The Master is a fairly undeveloped character. We don't learn his real name. All we know is that he's an artist who managed to earn the undying devotion of the beautiful, capable Margarita. And he wrote a novel about Pontius Pilate that eventually resulted in him being committed to a psychiatric institution. In terms of plot, he exists mostly so Margarita can save him. And I suppose he provides some interesting information to Bezdomny. Thematically, the Master represents the persecuted writer. There's a sense of the despair that, even if an author is permitted to write certain works and promised little censorship of them, he or she still exists in an intolerant, suspicious society, and thus his or her work will always suffer and be constrained. The Master is constantly struggling not just for freedom but for an understanding of what form that freedom will take. He frees himself of any name, save the honorific given to him by Margarita. He frees himself from society by entering a psychiatric clinic. He is freed from life and from Moscow when Azazello "kills" him. Perhaps most notably, he frees himself from the one thing in his life that has consumed everything else, the novel about Pontius Pilate. He burns the manuscript, only to discover that "manuscripts don't burn," and have it restored to him by Woland—a very romantic condemnation of censorship if ever there was one. The Master reinvents himself almost as often as Woland and his demonic associates do.
Margarita reinvents herself one major time, becoming a witch to save her lover. But we get glimpses of previous transformations as we learn how unhappy she was with her life as wife to a well-off man. The Master changed that for her, and with him gone, she has little for which to live except the hope that he may one day reappear. The fact that Margarita seizes upon any chance to help the Master, even if it means making a pact with the devil, instantly makes her one of the most human characters in this narrative. Margarita is neither innocent nor pure; however, she consistently acts on behalf of others rather than herself. When granted a boon by Woland, she first asks for another rogue to be spared her eternal Sisyphean torment. She then asks for the Master to be returned to her—selfish on the surface, but remember that she believes he will genuinely be happier with her than elsewhere, and such is the case.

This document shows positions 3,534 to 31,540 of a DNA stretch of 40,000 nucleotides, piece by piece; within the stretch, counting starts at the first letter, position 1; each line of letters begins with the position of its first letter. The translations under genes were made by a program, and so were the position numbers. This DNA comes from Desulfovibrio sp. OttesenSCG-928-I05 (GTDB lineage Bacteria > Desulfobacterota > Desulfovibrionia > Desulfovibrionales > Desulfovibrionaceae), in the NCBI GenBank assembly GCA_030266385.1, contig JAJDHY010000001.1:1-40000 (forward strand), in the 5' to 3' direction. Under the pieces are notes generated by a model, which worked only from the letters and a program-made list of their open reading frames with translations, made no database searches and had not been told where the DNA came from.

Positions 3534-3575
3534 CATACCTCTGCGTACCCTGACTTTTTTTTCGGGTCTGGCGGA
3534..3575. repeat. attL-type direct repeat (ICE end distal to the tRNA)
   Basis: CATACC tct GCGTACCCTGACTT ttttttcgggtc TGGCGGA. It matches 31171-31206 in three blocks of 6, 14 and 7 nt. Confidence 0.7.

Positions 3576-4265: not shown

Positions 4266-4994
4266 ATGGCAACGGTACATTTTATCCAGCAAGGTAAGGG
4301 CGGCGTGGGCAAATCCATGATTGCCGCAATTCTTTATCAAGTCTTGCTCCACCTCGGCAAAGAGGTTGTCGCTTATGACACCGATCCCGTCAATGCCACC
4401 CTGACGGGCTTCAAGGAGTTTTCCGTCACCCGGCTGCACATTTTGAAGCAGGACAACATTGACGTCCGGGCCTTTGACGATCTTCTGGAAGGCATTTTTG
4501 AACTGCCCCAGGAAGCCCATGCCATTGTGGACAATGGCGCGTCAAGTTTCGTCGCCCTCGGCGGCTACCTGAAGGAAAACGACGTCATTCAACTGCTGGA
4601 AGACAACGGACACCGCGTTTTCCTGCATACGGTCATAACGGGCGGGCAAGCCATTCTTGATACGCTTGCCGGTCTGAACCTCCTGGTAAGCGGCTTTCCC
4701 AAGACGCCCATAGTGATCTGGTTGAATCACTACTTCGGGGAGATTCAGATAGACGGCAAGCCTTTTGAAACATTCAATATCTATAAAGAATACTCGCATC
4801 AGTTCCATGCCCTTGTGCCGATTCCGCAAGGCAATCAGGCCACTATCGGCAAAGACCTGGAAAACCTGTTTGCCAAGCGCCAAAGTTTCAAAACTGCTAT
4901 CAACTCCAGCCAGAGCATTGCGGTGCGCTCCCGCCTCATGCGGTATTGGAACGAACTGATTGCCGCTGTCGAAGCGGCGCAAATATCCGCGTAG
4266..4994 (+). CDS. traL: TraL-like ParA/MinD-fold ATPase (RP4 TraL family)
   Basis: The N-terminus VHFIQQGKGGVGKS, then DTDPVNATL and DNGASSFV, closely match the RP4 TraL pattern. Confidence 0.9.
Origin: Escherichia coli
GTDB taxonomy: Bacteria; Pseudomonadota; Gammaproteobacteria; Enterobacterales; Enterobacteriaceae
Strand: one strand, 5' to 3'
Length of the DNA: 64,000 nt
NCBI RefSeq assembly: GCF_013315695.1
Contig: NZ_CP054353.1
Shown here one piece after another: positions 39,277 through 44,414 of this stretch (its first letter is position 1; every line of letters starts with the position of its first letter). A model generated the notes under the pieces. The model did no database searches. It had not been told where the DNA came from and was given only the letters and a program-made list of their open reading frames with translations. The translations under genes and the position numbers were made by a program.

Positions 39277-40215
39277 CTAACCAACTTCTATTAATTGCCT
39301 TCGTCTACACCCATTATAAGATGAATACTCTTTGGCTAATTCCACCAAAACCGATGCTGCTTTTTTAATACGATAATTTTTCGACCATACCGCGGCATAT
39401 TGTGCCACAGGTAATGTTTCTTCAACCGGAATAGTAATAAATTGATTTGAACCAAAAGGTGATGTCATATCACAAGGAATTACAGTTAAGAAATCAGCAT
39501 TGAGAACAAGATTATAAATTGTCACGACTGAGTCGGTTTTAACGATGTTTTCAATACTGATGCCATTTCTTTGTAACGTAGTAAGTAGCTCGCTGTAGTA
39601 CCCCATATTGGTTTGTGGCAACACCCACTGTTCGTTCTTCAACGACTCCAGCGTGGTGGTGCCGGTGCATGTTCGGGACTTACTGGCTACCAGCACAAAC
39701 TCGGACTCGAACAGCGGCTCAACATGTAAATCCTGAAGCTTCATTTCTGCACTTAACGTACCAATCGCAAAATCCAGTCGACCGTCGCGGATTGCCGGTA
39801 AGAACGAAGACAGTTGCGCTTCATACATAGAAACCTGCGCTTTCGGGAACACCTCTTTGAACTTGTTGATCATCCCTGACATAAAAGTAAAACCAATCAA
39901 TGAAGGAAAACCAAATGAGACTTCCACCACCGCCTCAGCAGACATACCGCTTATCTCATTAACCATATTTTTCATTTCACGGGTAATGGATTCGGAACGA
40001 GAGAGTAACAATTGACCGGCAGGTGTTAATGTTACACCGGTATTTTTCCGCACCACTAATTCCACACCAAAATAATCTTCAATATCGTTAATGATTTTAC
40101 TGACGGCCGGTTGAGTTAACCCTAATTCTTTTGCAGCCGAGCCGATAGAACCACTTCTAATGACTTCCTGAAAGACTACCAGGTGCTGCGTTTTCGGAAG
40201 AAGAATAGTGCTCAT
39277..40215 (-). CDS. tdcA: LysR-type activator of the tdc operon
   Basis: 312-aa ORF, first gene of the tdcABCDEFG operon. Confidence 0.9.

Their happy ending is not the only happy ending, if the narrator is truthful. Woland's merry little group—and more the members of the group than Woland himself—cause a good deal of disruption in Moscow, burning buildings and scattering fake notes and, heaven forfend, foreign currency! They ruin some lives, but the actual body count is quite low. And the epilogue insists that the majority of the characters whose lives are deranged in this story end up the better for it, finding niches in which they are happier. Again, is this really the work of the devil? Woland is, more than a straight avatar of the devil, the embodiment of chaos more often just disruptive than harmful.
The Master and Margarita is dense but not dull. It's not light reading, in that there's enough subtext to keep you thinking about it long after you're finished the book. At the same time, there's genuine wit and irony in here, of the kind that demonstrates humour isn't just for comedy. This is a book very much a product of its time and of that time's politics that is very much relevant in any time with any politics.